What makes the collaborative summits The Chieftains have happily entangled themselves in over the years so appealing is a crafty game of give and take with the champion Irish band always maintaining the upper hand. Their recordings may resemble something of a cultural exchange on paper, with the traditional jigs, airs and reels chief Chieftain Paddy Moloney and crew have specialized in over the past half-century meshing with whatever folk, pop, country or Americana greats happen to be sitting in on a session. In the end, though, The Chieftains’ Irish sway has the last and most convincing say.
In other words, while the party is always great, The Chieftains want to make sure you head home with the hosts’ music taking the most dance turns in your head.
That occurs often on Voice of Ages, a fine new set of Chieftains collaborations with predominantly roots-driven, indie-style acts making up the guest list. Among the invited: Bon Iver, The Civil Wars, The Punch Brothers, The Low Anthem and more. Producing, with Moloney, is Americana entrepreneur T Bone Burnett.
The grand moment comes when The Decemberists let loose with a hale-and-hearty reading of Bob Dylan’s brilliant call-to-arms When the Ship Comes In. It begins, understandably, as stark American folk with a slight quiver in singer Colin Meloy’s voice setting the mood. The arrangement slowly mounts and the melodies turn more jubilant. In short order, The Chieftains’ potent chatter of whistles, fiddles and pipes toss the tune clear across the pond onto Irish shores. A brisk three minutes later, the tune concludes as a Celtic shuffle.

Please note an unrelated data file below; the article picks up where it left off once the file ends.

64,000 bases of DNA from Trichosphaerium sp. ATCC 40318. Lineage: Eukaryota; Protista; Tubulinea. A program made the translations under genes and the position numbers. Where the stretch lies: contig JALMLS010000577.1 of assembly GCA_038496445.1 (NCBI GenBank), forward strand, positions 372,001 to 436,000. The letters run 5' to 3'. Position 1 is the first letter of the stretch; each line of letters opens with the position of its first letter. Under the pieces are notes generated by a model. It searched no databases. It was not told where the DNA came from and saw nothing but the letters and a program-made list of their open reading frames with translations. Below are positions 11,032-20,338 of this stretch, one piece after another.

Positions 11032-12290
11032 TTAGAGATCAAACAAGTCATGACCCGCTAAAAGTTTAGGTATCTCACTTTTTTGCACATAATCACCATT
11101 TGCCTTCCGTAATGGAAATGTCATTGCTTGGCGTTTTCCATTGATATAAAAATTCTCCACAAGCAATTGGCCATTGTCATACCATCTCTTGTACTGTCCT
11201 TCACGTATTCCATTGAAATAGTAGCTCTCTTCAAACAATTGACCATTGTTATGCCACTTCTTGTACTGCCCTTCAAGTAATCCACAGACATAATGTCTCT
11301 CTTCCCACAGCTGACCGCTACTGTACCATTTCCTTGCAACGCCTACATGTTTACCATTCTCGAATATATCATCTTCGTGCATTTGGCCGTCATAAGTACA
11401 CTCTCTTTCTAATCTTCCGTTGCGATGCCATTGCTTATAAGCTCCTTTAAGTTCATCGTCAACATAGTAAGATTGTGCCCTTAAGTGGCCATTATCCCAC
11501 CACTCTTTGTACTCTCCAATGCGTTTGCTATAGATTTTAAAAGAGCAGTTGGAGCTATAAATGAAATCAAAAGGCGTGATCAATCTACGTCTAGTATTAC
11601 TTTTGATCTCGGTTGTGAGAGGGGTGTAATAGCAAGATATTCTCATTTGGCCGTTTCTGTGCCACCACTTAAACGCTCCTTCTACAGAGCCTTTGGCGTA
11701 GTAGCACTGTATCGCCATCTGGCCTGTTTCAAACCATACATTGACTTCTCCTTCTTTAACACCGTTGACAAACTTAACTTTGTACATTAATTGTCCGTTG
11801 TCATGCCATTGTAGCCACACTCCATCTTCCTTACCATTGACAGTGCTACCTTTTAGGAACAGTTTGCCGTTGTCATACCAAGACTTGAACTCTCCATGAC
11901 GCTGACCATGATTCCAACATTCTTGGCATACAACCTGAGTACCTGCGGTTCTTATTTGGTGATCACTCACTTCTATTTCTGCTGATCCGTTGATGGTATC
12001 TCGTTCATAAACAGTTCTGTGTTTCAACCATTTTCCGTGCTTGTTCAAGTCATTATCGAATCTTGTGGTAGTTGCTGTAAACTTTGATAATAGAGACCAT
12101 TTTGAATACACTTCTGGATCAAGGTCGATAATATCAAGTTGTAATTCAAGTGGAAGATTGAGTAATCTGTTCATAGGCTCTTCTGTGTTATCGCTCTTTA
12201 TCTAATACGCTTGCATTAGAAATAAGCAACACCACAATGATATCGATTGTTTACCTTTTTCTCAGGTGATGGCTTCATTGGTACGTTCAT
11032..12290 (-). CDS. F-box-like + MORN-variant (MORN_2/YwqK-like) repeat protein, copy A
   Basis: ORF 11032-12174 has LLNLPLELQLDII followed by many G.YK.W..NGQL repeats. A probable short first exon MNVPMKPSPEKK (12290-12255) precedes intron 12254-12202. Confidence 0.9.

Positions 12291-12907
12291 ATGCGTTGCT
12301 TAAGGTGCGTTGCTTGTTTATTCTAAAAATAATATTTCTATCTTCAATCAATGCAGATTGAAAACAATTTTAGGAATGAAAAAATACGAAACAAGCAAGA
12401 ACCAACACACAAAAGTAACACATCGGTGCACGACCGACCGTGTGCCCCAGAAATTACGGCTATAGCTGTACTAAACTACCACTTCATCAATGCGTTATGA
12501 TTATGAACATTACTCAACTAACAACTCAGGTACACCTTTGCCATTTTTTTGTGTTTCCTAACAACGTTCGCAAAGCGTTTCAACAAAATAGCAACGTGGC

Almost as lively is the wintry sprint that string band upstarts The Punch Brothers conjure during a medley of The Lark in the Clear Air and Olam Punch. Moloney clearly sets the rules here, opening with a light, cinematic drone. That bleeds straight into a more open-ended romp with the merry slant of Chieftain Kevin Conneff’s vocals placed out front. The Punch Brothers later return for the more stoic The Frost is All Over with Chris Thile in the vocal lead.
Bon Iver’s ultra-wistful Down in the Willow Garden is a more modest but murderous treat, The Carolina Chocolate Drops hitch their back porch folk fun to Pretty Little Girl and Imelda May roughs up the Irish fancy with a lean roots-rock accent on Carolina Rua.
But the album’s heartiest guest voices belong to flutist Michael Tubridy and tin whistler Sean Potts – surviving members, along with Moloney, of the first Chieftains line-up from the early ‘60s. Hearing them join forces on the 11 minute medley The Chieftains Reunion reveals how Voice of Ages’ richest Irish fun is summoned after the rest of the guests have called it a night.